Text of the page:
During the convention, Gangstagrass held a workshop on depolarizing American music that explained how the music industry created genres during Jim Crow, artificially separating “hillbilly” music from “race” music for marketing purposes. Previously, Black and white musicians in the South played many common songs, according to the book “Segregating Sound: Inventing Folk and Pop Music in the Age of Jim Crow,” by Karl Hagstrom Miller. That artificial separation continues to this day, as algorithms suggest more hip-hop to hip-hop fans and more bluegrass to bluegrass fans. Bands like Gangstagrass, who defy categories, are often rendered invisible.
Our two-party political system operates in much the same way. It funnels people into boxes, for marketing purposes. Unless a news item fans the outrage of one side or the other, it risks falling through the cracks completely. Voters who defy categorization — we misfits who make up half of the American people — aren’t well served by the process.
It’s not clear whether groups like Braver Angels and Gangstagrass, which are trying to break the toxic cycle of polarization, will ever become household names. Both rely on personal contact — live shows and one-on-one conversations — to spread their message. In a country of 335 million people, their efforts can feel quixotic.
One of the most interesting things they did at the convention was bring about two dozen musicians from across the country — half liberal, half conservative — together with Gangstagrass to collectively write songs about education, health care and representative democracy that would be performed onstage the following night. The exercise forced them to quickly distill the essence of what they could agree on.
The democracy group settled quickly on the idea that everyone deserves a voice and a vote. Susanna Laird, a mother of four home-schooled children from Frederick, Md., dashed off some lyrics about a voter who had been turned away from the polls. R-SON came up with some more lyrics. Others suggested a beat and chords. In the health care group, the conversation about policy turned to people’s own experiences in hospitals. They discovered that they all felt the same thing — that “the system is not navigable; it’s a maze,” Amy Teutenberg, of Milwaukee, told me. By the next morning, they were rehearsing a deeply personal song about feeling lost in the system. “I feel like something’s broken,” wailed the refrain, which stuck in my head for days.
It was the education group that struggled the most to find common ground. During a so-called fishbowl exercise, conservatives sat in the middle of the room, speaking openly about schools, while liberals listened.
Marya Djalal, 54, a teacher from the Gettysburg area, opened up about how her Christian faith had motivated her work. When it came time to brainstorm lyrics, someone suggested a line about a child molded by “the Maker’s hands,” a reference to God. This set off an intense debate about the role of religion in public schools. Then R-SON dropped in on the workshop and warned that public schools should be careful about promoting one faith over another. The group took the line about “the Maker’s hands” out.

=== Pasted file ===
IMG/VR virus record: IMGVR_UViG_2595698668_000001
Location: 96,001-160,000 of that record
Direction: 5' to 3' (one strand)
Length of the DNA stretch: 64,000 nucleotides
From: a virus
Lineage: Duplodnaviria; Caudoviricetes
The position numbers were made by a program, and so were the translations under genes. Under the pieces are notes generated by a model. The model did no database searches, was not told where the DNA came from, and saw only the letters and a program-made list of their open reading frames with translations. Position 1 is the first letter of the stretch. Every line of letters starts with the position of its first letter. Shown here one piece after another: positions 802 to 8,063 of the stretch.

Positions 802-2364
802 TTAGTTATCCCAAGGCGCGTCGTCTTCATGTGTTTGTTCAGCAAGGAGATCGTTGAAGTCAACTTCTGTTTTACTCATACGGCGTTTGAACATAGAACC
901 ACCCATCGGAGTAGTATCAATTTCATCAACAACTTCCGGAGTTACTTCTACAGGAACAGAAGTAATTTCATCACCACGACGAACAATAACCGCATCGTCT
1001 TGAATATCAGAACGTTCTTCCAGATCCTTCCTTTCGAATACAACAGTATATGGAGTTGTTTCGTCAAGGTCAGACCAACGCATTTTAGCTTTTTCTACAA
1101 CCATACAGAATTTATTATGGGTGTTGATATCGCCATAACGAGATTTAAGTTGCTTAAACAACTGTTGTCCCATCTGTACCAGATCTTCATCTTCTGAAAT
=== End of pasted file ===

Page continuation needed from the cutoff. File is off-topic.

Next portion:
Ms. Djalal felt crushed.
She blamed it on a clash of culture — a lot of liberals aren’t used to talking about God. But it still bothered her. “I felt troubled in my heart all night about it,” Ms. Djalal told me afterward. “I was almost like, ‘I can’t sing this song.’ It felt flat.”
The next morning, she brought up the subject again. The group compromised. Instead of referencing God, they used the phrase “Braver Angels,” which could be interpreted as heavenly beings or the humans in the convention hall.
The night of the concert, everyone sang. Some even cried. Mr. Blankenhorn pronounced himself a new believer in live music at conventions. Overheard on the dance floor that night: “I’ll bet No Labels doesn’t have dancing like this.”
The grand finale — a Gangstagrass set — got everyone on their feet. As Mr. Whitener’s banjo quibbled with Mr. Farrow’s fiddle, an elderly couple clasped hands and began to whirl. The rap stopped them in their tracks. Then they looked at each other, shrugged, and started dancing again.
“It’s pretty amazing to see a bunch of people I didn’t know before a few days ago dancing to a band I had never heard of — and now I couldn’t imagine my life without the music and this movement,” Andrew Garrett, a graduate student at N.Y.U. who worked on the education song, told me. “It’s an amazing community that came out of nowhere, but actually feels like its going to sustain.”
I hope it does. I don’t know if this music — or this movement — could ever become as popular as Jason Aldean. I’m not sure young people will ever embrace it. (Hip-hop, after all, turns 50 this month, like R-SON.) What I can say for sure is that this music provided comfort and joy to people who want to unite the country. On that night, in that ballroom, that was all that mattered.
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Farah Stockman joined the Times editorial board in 2020. For four years, she was a reporter for The Times, covering politics, social movements and race. She previously worked at The Boston Globe, where she won a Pulitzer Prize for commentary in 2016. @fstockman